bumper crop!

I’ve said it before and I’ll say it again.  The best part of my work at Leftbank is crossing paths with innovative, inspired and inspiring people.  Everyday.  The Leftbank community is a steadily growing and delightful assembly of Portlanders, and August brought us a bumper crop. more

welcome, neighbors!

You might not know Lloyd TMA (Transportation Management Association), but you’d sure know it if they weren’t there doing what they do. In their own words, they’re “an action-oriented association working with businesses and public agencies in the Lloyd District to improve access and mobility…” TMA’s work to support biking and carpooling, parking management, and alternative work hour programs undoubtedly impacts everyone in the district. Whether living there, spending an afternoon, or passing through on a commute, everyone in the Lloyd District benefits from the work and the vision of TMA.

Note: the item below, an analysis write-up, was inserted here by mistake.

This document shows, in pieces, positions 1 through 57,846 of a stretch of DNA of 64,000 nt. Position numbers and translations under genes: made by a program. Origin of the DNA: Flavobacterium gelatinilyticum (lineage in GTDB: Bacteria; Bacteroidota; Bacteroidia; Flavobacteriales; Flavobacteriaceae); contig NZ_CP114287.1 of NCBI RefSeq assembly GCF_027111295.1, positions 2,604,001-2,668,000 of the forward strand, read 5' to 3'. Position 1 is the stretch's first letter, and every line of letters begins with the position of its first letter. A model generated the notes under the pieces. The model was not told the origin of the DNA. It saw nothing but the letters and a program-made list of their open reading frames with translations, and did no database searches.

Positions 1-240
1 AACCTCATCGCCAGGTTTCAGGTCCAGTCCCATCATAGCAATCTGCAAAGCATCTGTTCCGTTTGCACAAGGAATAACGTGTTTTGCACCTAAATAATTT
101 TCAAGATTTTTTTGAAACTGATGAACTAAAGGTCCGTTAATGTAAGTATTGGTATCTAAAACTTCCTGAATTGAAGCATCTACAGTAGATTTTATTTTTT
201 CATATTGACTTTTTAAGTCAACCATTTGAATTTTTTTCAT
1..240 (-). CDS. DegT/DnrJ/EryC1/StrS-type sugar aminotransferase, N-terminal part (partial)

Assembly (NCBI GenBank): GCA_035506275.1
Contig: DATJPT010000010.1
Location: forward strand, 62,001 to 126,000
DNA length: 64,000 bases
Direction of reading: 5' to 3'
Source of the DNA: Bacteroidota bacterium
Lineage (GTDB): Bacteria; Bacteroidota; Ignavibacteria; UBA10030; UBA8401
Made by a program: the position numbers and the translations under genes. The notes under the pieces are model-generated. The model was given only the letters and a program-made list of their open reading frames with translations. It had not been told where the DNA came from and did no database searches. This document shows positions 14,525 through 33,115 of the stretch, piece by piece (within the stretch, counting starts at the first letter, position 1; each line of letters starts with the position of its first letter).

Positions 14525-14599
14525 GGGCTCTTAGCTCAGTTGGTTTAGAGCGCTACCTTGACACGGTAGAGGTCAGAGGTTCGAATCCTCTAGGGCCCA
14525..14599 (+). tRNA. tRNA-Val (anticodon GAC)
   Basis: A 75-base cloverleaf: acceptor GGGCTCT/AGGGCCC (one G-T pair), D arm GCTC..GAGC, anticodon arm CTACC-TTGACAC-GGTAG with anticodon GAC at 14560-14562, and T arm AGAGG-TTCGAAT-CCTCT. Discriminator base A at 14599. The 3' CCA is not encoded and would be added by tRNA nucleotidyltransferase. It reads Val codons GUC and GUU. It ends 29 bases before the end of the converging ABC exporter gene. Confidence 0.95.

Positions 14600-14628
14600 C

With the Café open and the building busy all the time now, Leftbank’s doors are open for conversation and connection. Last week a group of TMA board members gathered at Leftbank for just that. I planned to give them a tour of the building, but we started in the brewery and as a group we never made it anywhere else. This was likely due to Alex’s usual generosity with his time and his beer. After some sampling, we headed back up to the Café where the lure of good food in a comfy spot kept everyone around the table all afternoon. No matter. We were happy to have our neighbors over, and I expect I’ll have plenty of opportunities to show them through the building some other time.

coffee break idea

a great way to casually and organically discover more about Leftbank is to check out the new Points of Interests signs hanging around the building.

these signs were developed by Leftbank’s own andy powell of gallopowell studio to highlight several particularly sign-worthy spots around the building. they will most likely become a permanent installation (after tweaks to make them more permanent).